On a personal level, one of the player’s mums sitting behind me at last weeks match turned out to be a carer at my mum’s nursing home. I had thought she looked familiar but out of context I couldn’t place her. Having now met with her this week at the home, I realise my mum will now potentially be even better looked after, as I am now (somewhat loosely) attached to her son’s team.
So, a sad week for my family, but as ever at these events it was great to meet up with people whom I have been out of touch with for a long time. Plans are now being made for me to keep in touch with everyone and contact details have been exchanged. It seems unfair that people who are the healthiest, fittest, kindest and most generous can be dealt such a cruel blow, but no-one ever said life was fair.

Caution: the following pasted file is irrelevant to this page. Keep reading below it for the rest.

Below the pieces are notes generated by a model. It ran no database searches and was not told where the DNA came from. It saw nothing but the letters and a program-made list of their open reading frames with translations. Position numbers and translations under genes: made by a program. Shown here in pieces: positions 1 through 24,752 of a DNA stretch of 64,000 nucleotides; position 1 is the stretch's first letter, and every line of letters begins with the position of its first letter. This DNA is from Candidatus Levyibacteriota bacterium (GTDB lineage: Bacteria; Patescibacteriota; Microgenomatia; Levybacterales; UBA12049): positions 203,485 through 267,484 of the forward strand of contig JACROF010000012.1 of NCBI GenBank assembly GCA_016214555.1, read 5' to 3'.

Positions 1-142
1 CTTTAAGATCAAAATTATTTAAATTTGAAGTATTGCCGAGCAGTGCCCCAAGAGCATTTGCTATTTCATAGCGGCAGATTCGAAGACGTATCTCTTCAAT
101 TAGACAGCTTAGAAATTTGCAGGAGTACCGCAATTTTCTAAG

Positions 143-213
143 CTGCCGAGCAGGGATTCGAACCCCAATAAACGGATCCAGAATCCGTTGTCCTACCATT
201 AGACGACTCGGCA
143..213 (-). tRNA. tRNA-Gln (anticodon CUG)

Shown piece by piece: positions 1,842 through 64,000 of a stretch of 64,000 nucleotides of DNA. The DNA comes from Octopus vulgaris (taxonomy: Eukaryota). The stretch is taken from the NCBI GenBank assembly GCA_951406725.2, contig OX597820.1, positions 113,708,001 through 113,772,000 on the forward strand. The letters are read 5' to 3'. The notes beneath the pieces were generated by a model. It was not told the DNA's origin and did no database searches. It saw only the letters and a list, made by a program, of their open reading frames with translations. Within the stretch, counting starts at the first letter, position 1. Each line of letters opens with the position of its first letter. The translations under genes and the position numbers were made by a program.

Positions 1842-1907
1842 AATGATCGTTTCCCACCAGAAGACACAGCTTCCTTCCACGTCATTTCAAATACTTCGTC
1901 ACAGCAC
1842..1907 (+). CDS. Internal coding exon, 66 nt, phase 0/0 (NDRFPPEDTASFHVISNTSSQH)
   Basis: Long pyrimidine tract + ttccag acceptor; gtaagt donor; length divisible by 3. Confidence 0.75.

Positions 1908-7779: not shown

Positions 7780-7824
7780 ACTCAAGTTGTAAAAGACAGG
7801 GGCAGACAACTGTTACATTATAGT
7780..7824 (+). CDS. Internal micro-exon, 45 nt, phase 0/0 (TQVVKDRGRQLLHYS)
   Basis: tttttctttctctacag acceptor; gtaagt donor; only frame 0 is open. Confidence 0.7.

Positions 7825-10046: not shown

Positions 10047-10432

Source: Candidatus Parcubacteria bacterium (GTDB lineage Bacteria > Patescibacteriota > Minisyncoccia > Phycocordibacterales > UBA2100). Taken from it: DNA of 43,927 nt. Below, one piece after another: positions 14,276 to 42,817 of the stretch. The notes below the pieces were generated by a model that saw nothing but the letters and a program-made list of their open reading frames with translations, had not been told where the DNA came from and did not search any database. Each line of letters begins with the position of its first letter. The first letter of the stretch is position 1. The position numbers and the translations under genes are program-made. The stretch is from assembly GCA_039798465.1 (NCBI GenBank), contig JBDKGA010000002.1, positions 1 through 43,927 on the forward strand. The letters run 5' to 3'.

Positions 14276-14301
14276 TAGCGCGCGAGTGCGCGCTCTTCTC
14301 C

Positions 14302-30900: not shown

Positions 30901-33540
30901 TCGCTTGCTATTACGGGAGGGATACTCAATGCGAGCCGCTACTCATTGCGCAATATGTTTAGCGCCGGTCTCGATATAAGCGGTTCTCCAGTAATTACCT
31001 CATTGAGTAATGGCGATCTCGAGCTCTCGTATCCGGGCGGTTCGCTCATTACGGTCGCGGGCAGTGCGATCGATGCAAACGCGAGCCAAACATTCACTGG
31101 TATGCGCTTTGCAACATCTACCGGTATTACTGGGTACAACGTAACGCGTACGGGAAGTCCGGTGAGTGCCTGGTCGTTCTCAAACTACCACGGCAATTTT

Until next time…
Football Crazy Original Lyrics (Song by James Curran)
I have a favourite brother And his Christian name is Paul. He’s lately joined a football club For he’s mad about football. He’s got two black eyes already And teeth lost from his gob, Since Paul became a member of That terrible football club.
For he’s football crazy, He’s football mad, The football it has taken away The little bit o’ sense he had, And it would take a dozen servants To wash his clothes and scrub, Since Paul became a member of That terrible football club.
In the middle of the field, one afternoon, The captain says, “Now Paul, Would you kindly take this place-kick Since you’re mad about football?” So he took forty paces backwards, Shot off from the mark. The ball went sailing over the bar And landed in New York.